Welcome to the Employment Law Update for the UK.
In this edition we look at recent developments involving employer's liability, disability discrimination, redundancy, and aggravated damages for injury to feelings. Please click on the title to view any article.
As always, please do not hesitate to contact any member of the Employment Group if you have any queries on the issues covered in the Update or any other matters.
When is an employer liable for assult?
In Weddall v Barchester Healthacre Ltd and Wallbank v Wallbank Fox Designs Ltd the Court of Appeal Court considered two cases of serious assault.
Making an exception may not be enough
In Roberts v North West Ambulance Service the EAT considered a case where a shift worker who suffered from an anxiety disorder had been excused from the practice of 'hot-desking' i.e. having to sit wherever there was a vacant work station. The employer had taken pro-active steps to try to ensure that the employee's preferred desk was always vacant when he came on shift. If, on occasion, other employees were sitting at 'his' desk, they were asked to move. The employee resigned complaining that hot-desking was a discriminatory 'provision criterion or practice'. The employer argued that it was not liable as the practice of hot-desking had not been applied to this particular employee. The EAT disagreed and said that the test was not whether it had been applied to him but whether he had been affected by it, which he had.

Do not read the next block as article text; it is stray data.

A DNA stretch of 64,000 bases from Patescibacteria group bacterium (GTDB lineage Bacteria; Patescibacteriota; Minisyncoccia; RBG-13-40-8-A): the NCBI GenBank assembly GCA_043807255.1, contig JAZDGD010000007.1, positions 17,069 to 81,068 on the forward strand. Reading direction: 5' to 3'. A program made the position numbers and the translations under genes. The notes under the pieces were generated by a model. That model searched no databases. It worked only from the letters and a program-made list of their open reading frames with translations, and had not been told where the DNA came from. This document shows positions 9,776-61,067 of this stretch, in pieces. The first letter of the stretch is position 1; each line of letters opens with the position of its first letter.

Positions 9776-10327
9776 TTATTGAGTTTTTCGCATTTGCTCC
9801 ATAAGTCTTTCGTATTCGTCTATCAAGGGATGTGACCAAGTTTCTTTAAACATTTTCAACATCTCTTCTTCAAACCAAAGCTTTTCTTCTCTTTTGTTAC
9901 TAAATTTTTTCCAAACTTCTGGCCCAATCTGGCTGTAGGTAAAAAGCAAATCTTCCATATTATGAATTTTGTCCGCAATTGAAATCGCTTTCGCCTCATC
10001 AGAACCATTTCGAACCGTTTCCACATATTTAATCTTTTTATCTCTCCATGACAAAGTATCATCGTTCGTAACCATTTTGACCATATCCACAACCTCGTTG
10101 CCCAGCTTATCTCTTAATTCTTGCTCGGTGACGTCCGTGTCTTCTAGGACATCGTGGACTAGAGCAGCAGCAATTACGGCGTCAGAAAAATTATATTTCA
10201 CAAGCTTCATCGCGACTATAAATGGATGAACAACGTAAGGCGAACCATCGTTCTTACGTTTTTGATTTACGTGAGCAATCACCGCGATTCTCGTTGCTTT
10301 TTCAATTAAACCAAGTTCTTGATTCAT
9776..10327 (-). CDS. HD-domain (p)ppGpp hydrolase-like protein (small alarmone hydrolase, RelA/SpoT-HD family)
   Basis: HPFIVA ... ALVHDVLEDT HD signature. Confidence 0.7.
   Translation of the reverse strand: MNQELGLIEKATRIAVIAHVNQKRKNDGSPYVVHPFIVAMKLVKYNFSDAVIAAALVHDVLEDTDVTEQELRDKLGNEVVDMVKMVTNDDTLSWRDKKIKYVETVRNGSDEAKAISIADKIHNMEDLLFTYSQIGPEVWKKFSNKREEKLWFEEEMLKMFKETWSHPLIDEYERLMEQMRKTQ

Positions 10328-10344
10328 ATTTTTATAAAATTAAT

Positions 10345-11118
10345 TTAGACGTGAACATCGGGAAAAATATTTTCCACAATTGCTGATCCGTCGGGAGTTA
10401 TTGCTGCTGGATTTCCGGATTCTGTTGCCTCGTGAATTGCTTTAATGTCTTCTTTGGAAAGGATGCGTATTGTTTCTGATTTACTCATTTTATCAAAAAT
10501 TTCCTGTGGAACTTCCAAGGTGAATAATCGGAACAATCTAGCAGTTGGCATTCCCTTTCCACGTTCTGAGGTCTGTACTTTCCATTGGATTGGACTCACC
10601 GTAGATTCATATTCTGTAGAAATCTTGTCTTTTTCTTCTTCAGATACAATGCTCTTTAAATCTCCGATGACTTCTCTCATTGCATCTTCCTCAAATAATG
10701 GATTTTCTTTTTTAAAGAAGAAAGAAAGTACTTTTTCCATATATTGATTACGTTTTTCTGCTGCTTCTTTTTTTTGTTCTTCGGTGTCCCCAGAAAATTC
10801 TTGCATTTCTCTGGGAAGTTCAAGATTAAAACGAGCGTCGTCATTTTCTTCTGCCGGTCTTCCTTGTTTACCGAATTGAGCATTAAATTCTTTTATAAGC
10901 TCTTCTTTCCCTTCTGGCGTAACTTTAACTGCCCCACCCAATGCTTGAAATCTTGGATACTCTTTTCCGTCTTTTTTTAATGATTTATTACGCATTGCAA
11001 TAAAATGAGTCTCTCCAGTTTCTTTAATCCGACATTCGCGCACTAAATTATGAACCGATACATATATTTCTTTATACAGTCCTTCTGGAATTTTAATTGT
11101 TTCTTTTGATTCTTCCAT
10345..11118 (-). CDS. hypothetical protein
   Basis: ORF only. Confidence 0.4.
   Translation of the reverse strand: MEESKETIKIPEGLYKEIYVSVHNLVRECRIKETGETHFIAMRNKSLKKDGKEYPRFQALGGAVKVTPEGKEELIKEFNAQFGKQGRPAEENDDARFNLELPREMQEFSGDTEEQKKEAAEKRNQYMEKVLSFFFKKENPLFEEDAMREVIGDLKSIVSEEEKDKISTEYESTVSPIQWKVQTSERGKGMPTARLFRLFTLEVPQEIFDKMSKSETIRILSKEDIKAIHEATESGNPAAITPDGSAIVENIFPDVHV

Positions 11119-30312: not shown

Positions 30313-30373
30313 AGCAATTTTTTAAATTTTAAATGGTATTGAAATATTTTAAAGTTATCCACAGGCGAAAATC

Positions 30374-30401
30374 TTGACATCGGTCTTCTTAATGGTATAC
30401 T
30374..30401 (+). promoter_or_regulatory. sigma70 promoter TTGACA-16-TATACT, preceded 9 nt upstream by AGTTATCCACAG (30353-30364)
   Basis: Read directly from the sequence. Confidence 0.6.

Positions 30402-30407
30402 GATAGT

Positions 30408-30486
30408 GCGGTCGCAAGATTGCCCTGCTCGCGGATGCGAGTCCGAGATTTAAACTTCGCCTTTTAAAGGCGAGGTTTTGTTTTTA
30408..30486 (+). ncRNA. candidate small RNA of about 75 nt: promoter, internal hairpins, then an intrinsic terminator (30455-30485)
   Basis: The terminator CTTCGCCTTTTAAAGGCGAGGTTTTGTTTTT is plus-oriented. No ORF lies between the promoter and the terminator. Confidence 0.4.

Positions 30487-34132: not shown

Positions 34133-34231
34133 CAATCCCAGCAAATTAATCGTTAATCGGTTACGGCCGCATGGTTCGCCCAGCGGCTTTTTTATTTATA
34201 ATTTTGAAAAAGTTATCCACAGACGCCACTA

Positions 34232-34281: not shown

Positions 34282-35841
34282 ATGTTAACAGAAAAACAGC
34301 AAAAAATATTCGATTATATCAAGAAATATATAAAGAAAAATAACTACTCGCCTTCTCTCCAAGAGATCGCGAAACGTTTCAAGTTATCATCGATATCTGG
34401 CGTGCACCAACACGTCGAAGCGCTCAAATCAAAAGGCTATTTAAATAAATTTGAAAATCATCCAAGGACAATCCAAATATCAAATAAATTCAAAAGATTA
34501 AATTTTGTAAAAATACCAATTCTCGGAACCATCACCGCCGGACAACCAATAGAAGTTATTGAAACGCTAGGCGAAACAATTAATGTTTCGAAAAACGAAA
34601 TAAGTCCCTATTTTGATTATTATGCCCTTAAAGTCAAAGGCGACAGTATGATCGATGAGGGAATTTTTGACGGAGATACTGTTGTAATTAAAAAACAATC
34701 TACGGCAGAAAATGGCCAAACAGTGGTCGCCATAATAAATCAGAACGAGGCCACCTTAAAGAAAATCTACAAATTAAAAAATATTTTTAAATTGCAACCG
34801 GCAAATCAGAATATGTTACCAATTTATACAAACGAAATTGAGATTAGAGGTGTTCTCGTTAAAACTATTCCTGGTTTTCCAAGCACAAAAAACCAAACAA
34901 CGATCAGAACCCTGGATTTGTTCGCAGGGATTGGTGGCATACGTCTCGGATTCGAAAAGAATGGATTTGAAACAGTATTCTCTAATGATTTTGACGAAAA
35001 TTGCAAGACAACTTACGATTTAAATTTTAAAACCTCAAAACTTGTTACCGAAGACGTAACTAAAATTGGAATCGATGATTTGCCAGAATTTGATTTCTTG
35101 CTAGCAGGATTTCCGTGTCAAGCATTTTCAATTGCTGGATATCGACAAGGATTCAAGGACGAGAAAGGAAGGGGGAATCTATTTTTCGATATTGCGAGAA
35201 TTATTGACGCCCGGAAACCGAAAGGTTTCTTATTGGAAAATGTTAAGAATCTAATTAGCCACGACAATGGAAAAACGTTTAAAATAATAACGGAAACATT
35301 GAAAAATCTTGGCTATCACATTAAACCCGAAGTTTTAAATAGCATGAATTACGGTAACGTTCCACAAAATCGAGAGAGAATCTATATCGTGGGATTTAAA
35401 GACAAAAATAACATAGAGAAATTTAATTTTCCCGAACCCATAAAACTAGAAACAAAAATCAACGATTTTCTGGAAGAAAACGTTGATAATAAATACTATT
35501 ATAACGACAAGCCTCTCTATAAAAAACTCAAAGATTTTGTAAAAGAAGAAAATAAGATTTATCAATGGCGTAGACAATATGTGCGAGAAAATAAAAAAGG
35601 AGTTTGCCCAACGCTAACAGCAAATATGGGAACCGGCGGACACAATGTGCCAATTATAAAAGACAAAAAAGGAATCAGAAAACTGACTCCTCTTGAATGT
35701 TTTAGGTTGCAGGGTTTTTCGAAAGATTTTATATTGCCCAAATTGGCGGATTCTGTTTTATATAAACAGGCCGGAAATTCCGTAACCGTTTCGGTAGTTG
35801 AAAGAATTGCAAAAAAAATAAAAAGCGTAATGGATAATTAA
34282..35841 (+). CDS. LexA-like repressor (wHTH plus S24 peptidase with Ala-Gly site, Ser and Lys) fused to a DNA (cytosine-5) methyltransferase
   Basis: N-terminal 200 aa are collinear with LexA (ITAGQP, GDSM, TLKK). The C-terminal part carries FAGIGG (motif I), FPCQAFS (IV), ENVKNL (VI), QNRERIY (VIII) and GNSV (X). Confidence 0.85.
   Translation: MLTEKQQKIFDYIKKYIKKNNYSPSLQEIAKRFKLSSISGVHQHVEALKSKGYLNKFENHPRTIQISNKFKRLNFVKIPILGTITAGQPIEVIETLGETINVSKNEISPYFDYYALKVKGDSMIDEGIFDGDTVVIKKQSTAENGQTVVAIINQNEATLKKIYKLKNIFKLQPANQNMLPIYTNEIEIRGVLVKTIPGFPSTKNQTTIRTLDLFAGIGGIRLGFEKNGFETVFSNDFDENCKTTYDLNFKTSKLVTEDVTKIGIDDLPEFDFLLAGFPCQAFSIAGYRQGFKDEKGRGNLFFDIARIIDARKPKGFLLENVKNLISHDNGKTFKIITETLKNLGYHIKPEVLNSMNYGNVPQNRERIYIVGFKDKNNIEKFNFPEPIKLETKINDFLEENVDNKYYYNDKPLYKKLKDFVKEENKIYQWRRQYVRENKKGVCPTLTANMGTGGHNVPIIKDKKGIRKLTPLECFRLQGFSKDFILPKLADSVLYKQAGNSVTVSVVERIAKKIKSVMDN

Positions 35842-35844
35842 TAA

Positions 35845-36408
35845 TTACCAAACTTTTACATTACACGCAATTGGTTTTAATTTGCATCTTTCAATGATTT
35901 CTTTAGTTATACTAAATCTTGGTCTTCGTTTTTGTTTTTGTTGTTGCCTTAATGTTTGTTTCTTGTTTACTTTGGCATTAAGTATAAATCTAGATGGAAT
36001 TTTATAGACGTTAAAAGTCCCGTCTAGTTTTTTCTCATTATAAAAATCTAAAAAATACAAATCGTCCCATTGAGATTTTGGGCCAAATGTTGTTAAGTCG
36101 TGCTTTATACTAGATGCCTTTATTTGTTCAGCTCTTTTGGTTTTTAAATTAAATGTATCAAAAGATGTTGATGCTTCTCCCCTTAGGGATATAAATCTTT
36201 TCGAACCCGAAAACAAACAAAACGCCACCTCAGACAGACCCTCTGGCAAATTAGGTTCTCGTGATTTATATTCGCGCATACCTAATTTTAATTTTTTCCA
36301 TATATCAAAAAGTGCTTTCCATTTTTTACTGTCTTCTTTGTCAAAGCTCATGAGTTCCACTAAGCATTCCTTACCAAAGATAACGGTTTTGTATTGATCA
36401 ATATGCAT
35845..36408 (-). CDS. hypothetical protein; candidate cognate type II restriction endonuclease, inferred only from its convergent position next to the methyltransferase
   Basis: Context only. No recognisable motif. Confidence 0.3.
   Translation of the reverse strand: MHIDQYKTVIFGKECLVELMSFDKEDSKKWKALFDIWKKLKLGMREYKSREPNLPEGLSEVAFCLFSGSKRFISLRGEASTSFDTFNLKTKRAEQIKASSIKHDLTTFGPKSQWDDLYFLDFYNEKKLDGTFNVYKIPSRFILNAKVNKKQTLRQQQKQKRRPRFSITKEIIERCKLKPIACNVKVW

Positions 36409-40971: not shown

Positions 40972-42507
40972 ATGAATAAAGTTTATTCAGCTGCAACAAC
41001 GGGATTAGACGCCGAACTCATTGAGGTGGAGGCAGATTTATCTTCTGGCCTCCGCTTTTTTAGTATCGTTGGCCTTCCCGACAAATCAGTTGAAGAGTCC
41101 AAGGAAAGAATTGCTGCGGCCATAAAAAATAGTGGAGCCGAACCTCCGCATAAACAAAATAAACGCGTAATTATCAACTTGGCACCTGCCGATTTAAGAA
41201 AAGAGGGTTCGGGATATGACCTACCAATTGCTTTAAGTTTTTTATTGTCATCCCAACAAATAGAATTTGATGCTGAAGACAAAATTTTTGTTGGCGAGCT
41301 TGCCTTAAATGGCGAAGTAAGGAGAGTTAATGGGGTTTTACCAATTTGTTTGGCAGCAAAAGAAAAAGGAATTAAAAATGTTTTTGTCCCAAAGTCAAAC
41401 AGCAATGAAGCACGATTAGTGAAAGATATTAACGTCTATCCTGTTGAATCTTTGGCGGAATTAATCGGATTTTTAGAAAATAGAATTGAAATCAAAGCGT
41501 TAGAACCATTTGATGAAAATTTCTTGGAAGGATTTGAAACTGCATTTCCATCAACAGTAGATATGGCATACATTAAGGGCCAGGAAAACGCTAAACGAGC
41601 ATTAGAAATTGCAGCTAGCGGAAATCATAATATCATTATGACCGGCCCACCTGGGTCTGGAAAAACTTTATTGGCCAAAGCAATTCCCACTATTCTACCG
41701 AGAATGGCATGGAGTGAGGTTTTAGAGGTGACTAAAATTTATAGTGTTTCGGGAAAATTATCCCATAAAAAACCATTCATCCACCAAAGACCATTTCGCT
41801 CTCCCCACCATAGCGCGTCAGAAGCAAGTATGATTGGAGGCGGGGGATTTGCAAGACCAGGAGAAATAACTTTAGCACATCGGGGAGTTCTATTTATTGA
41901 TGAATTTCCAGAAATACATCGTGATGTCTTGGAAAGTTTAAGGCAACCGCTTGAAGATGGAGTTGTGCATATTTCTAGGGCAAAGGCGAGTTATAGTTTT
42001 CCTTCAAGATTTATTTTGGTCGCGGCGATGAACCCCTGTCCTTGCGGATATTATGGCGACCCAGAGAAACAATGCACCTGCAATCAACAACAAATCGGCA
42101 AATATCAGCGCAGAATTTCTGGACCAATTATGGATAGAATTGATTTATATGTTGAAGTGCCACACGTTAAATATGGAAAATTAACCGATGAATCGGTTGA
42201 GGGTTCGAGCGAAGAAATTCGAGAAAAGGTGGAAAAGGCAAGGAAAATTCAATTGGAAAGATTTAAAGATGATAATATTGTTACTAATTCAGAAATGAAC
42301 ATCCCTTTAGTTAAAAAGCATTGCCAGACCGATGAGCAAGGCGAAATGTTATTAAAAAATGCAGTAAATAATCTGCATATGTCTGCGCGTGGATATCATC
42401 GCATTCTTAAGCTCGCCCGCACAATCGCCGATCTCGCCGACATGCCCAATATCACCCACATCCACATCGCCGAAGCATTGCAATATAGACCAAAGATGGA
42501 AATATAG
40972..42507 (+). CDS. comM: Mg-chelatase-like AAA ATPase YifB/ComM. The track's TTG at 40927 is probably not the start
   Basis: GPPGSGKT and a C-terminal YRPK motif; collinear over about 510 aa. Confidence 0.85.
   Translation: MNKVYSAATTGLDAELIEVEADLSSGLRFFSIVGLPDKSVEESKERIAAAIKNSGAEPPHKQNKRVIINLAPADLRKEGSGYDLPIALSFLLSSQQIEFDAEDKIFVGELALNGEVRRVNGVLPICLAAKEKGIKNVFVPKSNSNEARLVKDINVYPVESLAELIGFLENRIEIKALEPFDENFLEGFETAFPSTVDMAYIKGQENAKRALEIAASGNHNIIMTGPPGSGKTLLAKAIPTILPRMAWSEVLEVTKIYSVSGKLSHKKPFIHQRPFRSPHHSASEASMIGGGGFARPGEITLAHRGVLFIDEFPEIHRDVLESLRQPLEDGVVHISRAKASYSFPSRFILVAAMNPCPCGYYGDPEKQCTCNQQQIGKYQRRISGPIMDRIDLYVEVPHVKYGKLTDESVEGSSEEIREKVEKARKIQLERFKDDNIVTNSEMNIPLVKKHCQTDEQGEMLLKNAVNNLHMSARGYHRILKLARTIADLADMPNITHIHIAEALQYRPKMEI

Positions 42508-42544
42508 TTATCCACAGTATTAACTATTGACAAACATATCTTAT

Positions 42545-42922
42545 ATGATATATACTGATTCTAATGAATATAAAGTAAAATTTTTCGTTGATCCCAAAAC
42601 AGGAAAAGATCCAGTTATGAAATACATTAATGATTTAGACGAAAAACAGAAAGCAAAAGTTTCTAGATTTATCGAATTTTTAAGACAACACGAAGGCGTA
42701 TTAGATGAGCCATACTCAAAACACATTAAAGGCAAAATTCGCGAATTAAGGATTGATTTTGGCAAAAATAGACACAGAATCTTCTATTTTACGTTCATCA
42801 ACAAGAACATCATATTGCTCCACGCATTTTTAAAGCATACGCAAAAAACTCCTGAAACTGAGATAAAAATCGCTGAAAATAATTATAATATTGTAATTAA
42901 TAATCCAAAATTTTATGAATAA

What is 'suitable alternative employment'?
An employee whose post is redundant may not be entitled to a redundancy payment if the employer has offered him or her suitable alternative employment.
Aggravated damages are for injury to feelings
Employer's motive and conduct may increase compensation award
In Commissioner of Police of the Metropolis v Shaw the EAT has set out the rules that should apply when an employment tribunal is considering an award of aggravated damages.